Princess Margaret scientists convert microbubbles to nanoparticles: Harnessing light to advance tumor imaging, provide platform for targeted treatment March 30th, 2015

Nanoscale worms provide new route to nano-necklace structures March 29th, 2015

Sensors

From tobacco to cyberwood March 31st, 2015

UW scientists build a nanolaser using a single atomic sheet March 24th, 2015

Iranian Researchers Present Model to Determine Dynamic Behavior of Nanostructures March 24th, 2015

Nanodevice Invented in Iran to Detect Hydrogen Sulfide in Oil, Gas Industry March 20th, 2015

Discoveries

Rutgers, NIST physicists report technology with potential for sub-micron optical switches March 31st, 2015

Prototype 'nanoneedles' generate new blood vessels in mice: Scientists have developed tiny 'nanoneedles' that have successfully prompted parts of the body to generate new blood vessels, in a trial in mice March 31st, 2015

Super sensitive measurement of magnetic fields March 31st, 2015

From tobacco to cyberwood March 31st, 2015

Announcements

Rutgers, NIST physicists report technology with potential for sub-micron optical switches March 31st, 2015

Prototype 'nanoneedles' generate new blood vessels in mice: Scientists have developed tiny 'nanoneedles' that have successfully prompted parts of the body to generate new blood vessels, in a trial in mice March 31st, 2015

Super sensitive measurement of magnetic fields March 31st, 2015

Nanomedicine pioneer Mauro Ferrari at ETH Zurich March 31st, 2015

Interviews/Book Reviews/Essays/Reports/Podcasts/Journals/White papers

Nanomedicine shines light on combined force of nanomedicine and regenerative medicine March 31st, 2015

Prototype 'nanoneedles' generate new blood vessels in mice: Scientists have developed tiny 'nanoneedles' that have successfully prompted parts of the body to generate new blood vessels, in a trial in mice March 31st, 2015

Super sensitive measurement of magnetic fields March 31st, 2015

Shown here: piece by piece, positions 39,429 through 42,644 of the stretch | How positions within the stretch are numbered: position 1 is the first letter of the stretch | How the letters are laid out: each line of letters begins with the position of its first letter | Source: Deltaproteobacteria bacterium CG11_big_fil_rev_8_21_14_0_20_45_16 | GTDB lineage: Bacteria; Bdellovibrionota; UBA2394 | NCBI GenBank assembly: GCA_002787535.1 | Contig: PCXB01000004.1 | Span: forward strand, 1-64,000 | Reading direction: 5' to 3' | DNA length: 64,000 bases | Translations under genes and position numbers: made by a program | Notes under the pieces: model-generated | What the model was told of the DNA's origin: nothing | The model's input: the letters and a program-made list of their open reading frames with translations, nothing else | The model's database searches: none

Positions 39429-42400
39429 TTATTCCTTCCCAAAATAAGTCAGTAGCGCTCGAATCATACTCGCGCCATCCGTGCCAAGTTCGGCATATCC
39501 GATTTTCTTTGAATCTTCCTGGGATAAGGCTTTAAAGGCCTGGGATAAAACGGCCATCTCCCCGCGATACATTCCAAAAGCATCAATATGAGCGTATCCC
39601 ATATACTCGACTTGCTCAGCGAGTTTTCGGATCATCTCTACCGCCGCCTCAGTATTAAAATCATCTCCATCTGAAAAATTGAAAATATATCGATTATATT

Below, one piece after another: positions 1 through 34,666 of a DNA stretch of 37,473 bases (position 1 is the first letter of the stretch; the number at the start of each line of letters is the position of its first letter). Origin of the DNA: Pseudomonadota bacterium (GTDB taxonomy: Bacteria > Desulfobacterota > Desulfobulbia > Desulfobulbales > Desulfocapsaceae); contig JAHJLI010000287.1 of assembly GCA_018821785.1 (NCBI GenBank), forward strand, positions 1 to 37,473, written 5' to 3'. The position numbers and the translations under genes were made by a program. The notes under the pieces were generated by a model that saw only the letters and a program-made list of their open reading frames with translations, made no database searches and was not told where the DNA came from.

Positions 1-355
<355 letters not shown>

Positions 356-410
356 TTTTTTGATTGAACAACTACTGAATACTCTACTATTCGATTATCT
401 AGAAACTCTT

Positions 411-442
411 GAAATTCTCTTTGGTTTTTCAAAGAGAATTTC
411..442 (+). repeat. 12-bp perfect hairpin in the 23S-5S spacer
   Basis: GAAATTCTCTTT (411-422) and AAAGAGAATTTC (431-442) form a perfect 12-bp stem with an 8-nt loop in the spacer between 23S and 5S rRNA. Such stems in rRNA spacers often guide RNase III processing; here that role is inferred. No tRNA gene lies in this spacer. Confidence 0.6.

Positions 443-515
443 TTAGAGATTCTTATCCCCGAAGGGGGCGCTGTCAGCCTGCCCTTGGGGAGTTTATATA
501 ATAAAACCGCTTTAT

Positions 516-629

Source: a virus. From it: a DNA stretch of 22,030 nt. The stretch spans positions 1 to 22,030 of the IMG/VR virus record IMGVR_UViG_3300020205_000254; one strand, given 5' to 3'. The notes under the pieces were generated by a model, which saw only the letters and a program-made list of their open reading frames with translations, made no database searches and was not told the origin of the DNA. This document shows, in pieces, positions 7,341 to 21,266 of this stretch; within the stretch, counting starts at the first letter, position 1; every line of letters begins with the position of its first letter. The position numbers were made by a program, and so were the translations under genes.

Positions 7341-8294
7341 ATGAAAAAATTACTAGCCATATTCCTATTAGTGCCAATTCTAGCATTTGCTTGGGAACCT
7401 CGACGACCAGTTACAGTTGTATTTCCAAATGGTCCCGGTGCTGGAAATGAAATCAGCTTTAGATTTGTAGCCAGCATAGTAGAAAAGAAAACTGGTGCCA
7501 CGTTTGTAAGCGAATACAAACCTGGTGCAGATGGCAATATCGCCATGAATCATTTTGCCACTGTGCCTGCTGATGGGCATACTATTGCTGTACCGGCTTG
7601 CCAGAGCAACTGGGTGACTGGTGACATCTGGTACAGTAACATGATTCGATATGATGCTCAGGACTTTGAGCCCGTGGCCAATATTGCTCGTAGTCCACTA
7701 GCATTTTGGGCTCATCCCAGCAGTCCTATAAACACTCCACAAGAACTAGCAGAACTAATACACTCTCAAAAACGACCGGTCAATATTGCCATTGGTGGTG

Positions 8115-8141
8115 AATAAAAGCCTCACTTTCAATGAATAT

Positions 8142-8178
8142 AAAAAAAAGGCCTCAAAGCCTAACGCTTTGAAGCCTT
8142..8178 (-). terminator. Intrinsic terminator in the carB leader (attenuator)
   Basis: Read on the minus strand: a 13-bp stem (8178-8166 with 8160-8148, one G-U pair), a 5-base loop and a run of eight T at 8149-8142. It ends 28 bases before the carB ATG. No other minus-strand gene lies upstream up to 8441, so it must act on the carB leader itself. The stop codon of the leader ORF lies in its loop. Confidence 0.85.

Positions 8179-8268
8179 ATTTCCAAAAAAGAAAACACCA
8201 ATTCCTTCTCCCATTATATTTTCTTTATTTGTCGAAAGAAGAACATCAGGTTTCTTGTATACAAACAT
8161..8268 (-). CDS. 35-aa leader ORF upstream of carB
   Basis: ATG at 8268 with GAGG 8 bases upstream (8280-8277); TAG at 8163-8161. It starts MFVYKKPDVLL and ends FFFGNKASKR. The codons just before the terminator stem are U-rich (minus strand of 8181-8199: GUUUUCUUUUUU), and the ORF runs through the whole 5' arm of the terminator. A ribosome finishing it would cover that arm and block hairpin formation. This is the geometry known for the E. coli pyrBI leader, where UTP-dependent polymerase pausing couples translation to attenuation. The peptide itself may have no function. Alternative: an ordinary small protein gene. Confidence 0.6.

From tobacco to cyberwood March 31st, 2015

Food/Agriculture/Supplements

Click! That's how modern chemistry bonds nanoparticles to a substrate March 19th, 2015

EU Funded PCATDES Project has completed its half-period with success March 19th, 2015

Turmeric Extract Applied in Production of Antibacterial Nanodrugs March 12th, 2015

Simple, Cost-Efficient Method Used to Determine Toxicants Growing in Pistachio February 26th, 2015

Nanobiotechnology

From tobacco to cyberwood March 31st, 2015

Wrapping carbon nanotubes in polymers enhances their performance: Scientists at Japan's Kyushu University say polymer-wrapped carbon nanotubes hold much promise in biotechnology and energy applications March 30th, 2015

'Atomic chicken-wire' is key to faster DNA sequencing March 30th, 2015

Designer's toolkit for dynamic DNA nanomachines: Arm-waving nanorobot signals new flexibility in DNA origami March 27th, 2015

NanoNews-Digest
The latest news from around the world, FREE




  Premium Products
NanoNews-Custom
Only the news you want to read!
 Learn More
NanoTech-Transfer
University Technology Transfer & Patents
 Learn More
NanoStrategies
Full-service, expert consulting
 Learn More










ASP
Nanotechnology Now Featured Books




NNN

The Hunger Project







© Copyright 1999-2015 7th Wave, Inc. All Rights Reserved PRIVACY POLICY :: CONTACT US :: STATS :: SITE MAP :: ADVERTISE